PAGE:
My Gleanings

Thursday, October 25, 2007

Nestor Almendros on collaborating with François Truffaut

Nelson Almendros who was François Truffaut's main cinematographer from the late 1960s to his last film wrote this about the experience of collaborating with Truffaut in his book A Man and A Camera.

I was surprised to find that Truffaut is one of those people with whom it is sheer pleasure to work. As Jean Renoir did, he creates an atmosphere around him, and this shows through in his films. Unlike with so many directors, there is no hysteria when Truffaut works, no fuss or bother; everyone in the crew behaves in a friendly way. The work moves along gently, at an excellent pace, but with no feeling of pressure. Truffaut's characteristic mode is cooperation. With all his great talent, he is a man who listens to the suggestions of the people working with him and considers any comment carefully. He may turn it down or accept it, but his attitude is not that of a genius who needs no help: he listens to the set designer, to the assistant, Suzanne Schiffman, to the actors, and even to the makeup people and the grips. This was particularly true in The Wild Child, since Truffaut was playing the leading role and needed perspective to judge his scenes, which, naturally, he couldn't see. But everything we around him brought to his film was filtered through the strength of his personality. The "Truffaut touch" is always unmistakable.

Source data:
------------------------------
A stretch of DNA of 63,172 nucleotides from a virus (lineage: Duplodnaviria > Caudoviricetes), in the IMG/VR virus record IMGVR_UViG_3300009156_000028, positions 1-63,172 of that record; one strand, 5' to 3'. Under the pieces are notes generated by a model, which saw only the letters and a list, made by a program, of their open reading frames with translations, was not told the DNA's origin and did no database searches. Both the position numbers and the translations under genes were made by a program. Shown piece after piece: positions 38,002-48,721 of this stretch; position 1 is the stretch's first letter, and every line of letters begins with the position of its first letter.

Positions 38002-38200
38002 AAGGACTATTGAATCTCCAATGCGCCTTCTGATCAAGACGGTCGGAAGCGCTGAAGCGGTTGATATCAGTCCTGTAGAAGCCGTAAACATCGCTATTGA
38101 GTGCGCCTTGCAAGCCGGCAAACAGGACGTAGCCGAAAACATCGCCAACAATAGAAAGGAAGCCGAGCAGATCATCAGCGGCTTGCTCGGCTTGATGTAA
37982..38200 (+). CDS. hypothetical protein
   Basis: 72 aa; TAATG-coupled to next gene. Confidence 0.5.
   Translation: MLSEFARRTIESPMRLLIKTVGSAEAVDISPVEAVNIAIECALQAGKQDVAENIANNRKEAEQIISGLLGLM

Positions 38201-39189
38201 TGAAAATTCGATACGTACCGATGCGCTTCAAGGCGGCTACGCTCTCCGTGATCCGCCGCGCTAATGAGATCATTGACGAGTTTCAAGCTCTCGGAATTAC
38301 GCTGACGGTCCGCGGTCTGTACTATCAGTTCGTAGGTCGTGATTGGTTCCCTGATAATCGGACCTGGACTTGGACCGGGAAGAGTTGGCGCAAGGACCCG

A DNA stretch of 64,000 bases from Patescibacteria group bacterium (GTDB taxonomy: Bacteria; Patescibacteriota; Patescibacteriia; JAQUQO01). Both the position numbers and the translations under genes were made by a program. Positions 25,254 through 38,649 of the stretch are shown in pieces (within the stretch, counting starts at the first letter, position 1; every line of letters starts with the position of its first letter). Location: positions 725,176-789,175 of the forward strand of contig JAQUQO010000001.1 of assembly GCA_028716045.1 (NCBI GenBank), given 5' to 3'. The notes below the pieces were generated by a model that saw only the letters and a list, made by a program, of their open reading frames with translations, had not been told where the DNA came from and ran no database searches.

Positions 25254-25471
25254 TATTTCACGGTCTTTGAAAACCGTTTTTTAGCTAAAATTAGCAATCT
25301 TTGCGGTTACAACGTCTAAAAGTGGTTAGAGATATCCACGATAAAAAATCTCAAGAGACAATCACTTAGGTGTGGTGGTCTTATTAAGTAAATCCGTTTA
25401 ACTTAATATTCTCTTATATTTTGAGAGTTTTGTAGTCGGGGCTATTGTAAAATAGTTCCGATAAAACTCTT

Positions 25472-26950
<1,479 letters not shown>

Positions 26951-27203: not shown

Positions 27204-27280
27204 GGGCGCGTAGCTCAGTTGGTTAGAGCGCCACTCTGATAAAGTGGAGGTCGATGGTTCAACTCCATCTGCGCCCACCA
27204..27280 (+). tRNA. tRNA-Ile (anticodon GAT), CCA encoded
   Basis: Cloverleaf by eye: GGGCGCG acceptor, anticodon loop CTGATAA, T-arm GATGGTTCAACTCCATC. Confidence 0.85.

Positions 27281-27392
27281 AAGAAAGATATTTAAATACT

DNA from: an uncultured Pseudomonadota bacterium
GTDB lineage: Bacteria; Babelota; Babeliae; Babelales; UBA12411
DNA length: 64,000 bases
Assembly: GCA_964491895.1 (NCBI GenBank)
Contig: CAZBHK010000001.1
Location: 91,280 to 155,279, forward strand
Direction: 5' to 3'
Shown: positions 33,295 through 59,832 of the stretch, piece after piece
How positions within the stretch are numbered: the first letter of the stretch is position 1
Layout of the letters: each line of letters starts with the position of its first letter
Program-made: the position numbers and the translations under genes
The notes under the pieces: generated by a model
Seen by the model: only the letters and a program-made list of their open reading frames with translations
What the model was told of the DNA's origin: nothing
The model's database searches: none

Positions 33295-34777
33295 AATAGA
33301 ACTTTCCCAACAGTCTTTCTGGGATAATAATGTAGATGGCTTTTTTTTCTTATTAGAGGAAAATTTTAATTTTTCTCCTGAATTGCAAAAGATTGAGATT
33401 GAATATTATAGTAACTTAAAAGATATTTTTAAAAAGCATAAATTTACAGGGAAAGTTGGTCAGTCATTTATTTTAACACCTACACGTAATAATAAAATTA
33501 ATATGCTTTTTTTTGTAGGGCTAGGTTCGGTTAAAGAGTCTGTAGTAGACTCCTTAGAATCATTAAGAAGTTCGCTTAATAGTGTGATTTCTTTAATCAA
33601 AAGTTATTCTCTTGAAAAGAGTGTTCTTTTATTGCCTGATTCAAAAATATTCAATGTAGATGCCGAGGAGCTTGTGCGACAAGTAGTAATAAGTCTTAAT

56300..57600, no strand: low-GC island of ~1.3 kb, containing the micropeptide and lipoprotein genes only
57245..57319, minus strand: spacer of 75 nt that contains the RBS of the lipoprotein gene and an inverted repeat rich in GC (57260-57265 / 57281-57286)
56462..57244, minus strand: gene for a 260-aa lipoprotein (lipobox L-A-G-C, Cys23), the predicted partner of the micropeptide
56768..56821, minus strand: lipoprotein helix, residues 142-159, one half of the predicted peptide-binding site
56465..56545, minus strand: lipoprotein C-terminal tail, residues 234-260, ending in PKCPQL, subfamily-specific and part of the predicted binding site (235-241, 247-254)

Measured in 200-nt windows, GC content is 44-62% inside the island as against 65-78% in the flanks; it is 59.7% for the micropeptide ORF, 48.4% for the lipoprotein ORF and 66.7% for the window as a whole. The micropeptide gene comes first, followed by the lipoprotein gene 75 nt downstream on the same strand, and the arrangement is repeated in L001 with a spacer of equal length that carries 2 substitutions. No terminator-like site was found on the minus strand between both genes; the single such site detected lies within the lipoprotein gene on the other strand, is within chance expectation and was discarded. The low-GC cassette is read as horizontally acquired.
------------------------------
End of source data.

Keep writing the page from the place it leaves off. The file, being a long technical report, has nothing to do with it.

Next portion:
quoted from A man with a camera / Nestor Almendros ; translated from the Spanish by Rachel Phillips Belash. (page 81-83)

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